Desktop Encryption: LA County Encrypts All Workstations, Will Require The Same From Contracted Agencies.
It escaped my notice, so I’m opining on this three weeks late – to be honest, a quick search seems to indicate that almost no one covered this particular development – but Los Angeles County has moved to up their data security by pursuing workstation encryption, as seen in this motion. All I can say is, “Finally!”
LA County and All Contracted Agencies
According to the latimes.com, this latest move by the Los Angeles County comes after the Sutherland Healthcare Solutions data breach from February 2014. Over 342,000 people were affected when someone broke into Sutherland’s offices and stole eight desktop computers. Sutherland was handling medical billing and collections for LA County.
The breach has resulted, so far, in three lawsuits against the county and the healthcare solutions provider.
Workstation Encryption Originally Not Included
One of the surprising things that I uncovered is that LA County specifically had required all laptop computers to be encrypted:
On May 8, 2007, the Board of Supervisors approved Policy # 6.110 – Protection of Information on Portable Computing Devices, which requires all laptop computers to be encrypted. This policy should be extended to include the encryption of County departments’ computer workstation hard drives to increase the level of protection of confidential/sensitive data including personally identifiable information and protected health information.
Why just laptops; why so restrictive, if you will? Then I see the date, and realize that smartphones and tablets weren’t as prevalent on May 8, 2007. After all, the first iPhone didn’t make its debut until nearly two months afterwards (and the iPhone wasn’t immediately the surprise hit we think of today. It took the 3GS to really make its mark).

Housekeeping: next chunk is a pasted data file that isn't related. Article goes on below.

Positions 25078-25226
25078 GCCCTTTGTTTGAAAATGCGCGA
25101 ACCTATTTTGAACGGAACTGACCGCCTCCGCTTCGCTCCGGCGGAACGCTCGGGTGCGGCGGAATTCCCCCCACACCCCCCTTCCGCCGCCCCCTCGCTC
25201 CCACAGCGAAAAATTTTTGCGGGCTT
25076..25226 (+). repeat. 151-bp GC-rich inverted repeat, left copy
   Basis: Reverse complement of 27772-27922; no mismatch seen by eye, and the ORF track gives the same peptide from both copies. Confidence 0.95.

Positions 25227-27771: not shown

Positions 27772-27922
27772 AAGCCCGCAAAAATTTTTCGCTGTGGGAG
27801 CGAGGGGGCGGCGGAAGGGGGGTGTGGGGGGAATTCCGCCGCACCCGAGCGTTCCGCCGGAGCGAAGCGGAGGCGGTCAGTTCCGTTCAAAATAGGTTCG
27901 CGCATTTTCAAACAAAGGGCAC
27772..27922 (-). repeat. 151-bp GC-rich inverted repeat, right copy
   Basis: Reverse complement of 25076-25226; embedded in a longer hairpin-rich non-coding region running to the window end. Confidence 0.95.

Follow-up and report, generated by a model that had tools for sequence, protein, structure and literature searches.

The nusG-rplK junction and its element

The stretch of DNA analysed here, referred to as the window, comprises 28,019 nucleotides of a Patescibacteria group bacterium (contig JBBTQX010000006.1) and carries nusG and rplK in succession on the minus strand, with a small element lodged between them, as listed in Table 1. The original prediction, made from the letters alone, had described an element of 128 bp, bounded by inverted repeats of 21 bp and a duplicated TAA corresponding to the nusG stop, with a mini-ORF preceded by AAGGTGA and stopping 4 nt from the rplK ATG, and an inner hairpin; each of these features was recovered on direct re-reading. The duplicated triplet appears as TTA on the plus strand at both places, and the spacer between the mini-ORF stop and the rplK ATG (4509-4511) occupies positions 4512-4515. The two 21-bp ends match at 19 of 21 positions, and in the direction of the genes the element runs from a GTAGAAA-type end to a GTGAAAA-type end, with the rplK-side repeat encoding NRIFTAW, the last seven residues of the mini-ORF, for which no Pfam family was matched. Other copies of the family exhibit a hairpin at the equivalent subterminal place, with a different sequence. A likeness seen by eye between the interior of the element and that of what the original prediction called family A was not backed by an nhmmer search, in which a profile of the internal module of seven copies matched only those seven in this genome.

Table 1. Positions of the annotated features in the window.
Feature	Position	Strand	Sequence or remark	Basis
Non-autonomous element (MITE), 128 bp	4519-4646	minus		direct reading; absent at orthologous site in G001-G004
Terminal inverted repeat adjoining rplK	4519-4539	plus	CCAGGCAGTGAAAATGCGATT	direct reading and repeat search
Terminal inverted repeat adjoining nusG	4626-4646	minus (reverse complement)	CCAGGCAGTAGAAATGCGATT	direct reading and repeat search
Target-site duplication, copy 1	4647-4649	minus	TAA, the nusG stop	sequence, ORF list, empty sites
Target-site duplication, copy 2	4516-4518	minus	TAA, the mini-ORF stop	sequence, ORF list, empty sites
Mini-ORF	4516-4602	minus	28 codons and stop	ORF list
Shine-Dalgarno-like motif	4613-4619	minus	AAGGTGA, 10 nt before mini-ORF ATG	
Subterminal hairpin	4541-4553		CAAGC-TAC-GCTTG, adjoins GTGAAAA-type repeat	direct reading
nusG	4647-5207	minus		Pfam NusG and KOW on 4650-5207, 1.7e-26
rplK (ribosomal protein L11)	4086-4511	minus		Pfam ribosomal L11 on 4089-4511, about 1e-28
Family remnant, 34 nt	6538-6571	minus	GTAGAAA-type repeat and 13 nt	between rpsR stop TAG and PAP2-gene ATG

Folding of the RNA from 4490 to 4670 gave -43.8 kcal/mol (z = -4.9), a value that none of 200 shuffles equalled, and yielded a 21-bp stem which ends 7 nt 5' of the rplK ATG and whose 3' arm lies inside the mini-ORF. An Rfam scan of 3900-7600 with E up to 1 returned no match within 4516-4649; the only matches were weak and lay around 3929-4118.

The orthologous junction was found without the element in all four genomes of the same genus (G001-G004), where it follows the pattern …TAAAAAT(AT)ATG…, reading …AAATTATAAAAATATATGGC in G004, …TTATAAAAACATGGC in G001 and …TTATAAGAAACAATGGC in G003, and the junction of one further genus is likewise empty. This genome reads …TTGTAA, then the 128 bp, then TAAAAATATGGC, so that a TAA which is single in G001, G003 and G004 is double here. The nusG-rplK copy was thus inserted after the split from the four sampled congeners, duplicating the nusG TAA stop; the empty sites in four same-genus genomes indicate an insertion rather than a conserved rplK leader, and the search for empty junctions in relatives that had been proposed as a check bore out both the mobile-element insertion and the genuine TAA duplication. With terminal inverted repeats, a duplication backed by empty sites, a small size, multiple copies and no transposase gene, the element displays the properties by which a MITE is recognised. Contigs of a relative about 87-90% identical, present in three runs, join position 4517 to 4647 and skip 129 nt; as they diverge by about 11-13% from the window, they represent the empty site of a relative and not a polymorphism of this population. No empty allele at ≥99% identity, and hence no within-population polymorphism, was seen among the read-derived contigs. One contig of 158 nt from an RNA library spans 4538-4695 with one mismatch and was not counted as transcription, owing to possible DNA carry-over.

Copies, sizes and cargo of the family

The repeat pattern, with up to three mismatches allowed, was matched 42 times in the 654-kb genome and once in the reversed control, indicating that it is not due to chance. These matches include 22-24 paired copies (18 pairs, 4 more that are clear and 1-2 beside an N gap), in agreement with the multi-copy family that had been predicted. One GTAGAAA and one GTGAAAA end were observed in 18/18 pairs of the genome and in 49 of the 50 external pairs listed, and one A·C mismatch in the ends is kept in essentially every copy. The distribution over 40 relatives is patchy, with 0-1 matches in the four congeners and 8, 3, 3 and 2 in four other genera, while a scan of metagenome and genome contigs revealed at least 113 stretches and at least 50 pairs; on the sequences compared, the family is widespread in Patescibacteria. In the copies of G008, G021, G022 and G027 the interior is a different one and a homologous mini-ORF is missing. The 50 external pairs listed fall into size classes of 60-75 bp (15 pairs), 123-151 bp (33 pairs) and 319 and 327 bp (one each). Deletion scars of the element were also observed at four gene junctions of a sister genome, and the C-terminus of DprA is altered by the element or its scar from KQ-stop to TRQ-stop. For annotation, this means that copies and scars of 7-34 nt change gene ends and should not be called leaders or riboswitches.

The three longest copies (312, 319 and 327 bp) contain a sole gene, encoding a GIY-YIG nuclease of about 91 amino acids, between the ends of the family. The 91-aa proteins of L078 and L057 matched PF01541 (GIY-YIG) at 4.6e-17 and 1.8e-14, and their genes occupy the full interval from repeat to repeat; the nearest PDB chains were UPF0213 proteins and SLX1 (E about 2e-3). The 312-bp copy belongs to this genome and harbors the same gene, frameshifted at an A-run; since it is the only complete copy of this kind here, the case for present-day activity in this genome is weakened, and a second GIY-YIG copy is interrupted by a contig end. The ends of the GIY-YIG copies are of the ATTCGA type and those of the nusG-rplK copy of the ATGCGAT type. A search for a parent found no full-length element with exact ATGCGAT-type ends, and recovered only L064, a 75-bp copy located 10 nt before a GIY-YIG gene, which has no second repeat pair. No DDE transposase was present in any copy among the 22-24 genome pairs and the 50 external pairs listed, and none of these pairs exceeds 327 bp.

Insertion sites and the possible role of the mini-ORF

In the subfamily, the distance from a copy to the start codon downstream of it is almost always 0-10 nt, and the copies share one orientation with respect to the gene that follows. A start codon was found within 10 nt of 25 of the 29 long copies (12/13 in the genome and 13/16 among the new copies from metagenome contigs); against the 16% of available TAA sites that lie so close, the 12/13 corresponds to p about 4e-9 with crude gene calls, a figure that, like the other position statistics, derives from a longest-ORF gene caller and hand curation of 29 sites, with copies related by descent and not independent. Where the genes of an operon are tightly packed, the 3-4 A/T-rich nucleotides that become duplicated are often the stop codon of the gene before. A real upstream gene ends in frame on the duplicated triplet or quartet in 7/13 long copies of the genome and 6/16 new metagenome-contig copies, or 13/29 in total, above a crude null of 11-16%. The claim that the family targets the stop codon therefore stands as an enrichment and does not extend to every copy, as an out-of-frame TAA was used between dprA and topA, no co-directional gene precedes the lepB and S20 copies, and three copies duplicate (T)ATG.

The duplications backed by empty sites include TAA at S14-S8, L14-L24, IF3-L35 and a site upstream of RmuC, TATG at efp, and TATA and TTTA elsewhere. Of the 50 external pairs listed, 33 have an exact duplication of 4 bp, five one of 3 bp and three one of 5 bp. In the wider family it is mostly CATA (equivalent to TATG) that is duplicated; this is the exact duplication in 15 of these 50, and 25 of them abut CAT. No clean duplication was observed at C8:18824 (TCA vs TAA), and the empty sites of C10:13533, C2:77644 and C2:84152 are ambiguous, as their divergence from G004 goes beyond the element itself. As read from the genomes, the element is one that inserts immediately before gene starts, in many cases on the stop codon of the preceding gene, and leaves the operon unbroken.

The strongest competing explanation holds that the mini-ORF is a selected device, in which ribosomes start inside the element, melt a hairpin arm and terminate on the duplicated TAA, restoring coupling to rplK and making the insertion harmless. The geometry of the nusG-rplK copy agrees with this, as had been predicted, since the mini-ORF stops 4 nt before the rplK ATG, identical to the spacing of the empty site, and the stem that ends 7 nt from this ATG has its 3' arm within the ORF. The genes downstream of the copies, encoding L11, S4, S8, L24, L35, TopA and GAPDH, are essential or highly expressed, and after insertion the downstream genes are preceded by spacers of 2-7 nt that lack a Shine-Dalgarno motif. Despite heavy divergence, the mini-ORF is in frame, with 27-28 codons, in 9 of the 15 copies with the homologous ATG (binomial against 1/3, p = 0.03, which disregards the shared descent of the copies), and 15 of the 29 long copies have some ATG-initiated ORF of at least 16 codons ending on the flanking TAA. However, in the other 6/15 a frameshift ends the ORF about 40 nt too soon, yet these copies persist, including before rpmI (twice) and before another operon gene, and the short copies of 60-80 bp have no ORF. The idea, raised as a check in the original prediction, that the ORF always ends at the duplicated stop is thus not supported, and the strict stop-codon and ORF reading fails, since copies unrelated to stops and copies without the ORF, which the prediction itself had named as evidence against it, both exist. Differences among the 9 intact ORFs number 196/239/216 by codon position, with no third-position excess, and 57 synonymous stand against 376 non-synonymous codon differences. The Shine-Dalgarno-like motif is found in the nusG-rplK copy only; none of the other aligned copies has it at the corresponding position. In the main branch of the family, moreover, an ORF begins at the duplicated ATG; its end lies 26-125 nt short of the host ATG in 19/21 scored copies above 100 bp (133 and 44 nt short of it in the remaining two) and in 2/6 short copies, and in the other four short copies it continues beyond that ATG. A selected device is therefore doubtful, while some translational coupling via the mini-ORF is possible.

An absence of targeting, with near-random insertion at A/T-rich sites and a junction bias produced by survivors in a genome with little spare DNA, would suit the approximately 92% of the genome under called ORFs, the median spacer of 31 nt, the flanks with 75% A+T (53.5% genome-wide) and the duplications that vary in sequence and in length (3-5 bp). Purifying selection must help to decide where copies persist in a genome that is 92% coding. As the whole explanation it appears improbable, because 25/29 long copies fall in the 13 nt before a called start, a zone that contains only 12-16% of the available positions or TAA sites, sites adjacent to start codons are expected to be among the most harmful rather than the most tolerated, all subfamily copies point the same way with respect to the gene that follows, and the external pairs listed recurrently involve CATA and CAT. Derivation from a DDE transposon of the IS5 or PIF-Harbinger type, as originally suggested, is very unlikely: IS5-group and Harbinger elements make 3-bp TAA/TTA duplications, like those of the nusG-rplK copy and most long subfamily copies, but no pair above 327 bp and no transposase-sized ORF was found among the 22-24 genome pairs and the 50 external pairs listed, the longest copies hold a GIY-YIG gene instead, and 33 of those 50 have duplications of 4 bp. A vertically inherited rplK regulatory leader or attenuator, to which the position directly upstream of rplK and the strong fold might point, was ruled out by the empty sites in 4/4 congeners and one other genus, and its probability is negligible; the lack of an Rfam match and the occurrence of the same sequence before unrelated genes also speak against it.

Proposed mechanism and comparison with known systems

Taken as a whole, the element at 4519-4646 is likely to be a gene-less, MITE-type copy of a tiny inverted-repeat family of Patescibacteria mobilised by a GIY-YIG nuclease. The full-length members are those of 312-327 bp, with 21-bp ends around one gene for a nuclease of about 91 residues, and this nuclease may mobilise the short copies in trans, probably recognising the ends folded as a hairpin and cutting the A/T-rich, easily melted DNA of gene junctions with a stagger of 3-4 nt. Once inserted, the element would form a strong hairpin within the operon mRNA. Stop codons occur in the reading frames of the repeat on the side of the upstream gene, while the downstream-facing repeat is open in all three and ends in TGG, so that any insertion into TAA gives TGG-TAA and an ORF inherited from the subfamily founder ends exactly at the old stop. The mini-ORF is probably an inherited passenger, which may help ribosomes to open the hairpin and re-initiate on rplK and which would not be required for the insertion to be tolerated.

Plus, the policy name is “Protection of Information on Portable Computing Devices” so it makes sense that workstations were excluded. But why weren’t external hard drives a cause for concern back then? USB flashdrives were everywhere, and already making their mark in the data breach world. So… a little restrictive.
And that still doesn’t answer why desktop computers were taken out of the loop.
The Obvious Step
Encryption on desktop computers is….well, it should be obvious that one needs it. I just don’t understand this cognitive dissonance when it comes to desktop encryption, as I’ve often pointed out.
There was a time, before the naughts (that is, 2000’s), when a desktop computer was a heavy, complicated affair. Hooking up a monitor cable to the computer – and possibly the mouse as well, if you didn’t have a PS/2 port – involved two screws. The chassis was at least the size of a microwave oven (I was going to say VCR, but those aren’t around anymore, either). It weighed enough to make things uncomfortable. Quickly stealing one of these contraptions would have been a bit challenging, although not impossible.
Enter the naughts and the craze for miniaturization. The RAZR came out. DVD players laid waste to VCRs. MP3 players knocked over DiscMans. And workstations became these tiny things. There are college textbooks that are heavier and bigger than desktop computers. And yet computer and IT departments across the world still acted as if workstations hadn’t changed since the naughts. Quickly stealing one of these contraptions wouldn’t have been challenging in the least. Just unplug all USB ports (takes less than 15 seconds) and slip it into your backpack. Heck, slip two – they’re that small.
Companies, agencies, and other organizations that make a point to exclude desktop computers from their disk encryption plans today are making a big mistake. The “physical security” that used to make them “safe” is not there anymore. New laws and regulations have introduced and increased compliance risks. The value of personal, sensitive data has also increased the risks of a computer being stolen.
Will others follow in LA County’s footsteps? Or will they, too, wait for the stuff to hit the fan before doing something about it?
I toss my hat in the second ring.
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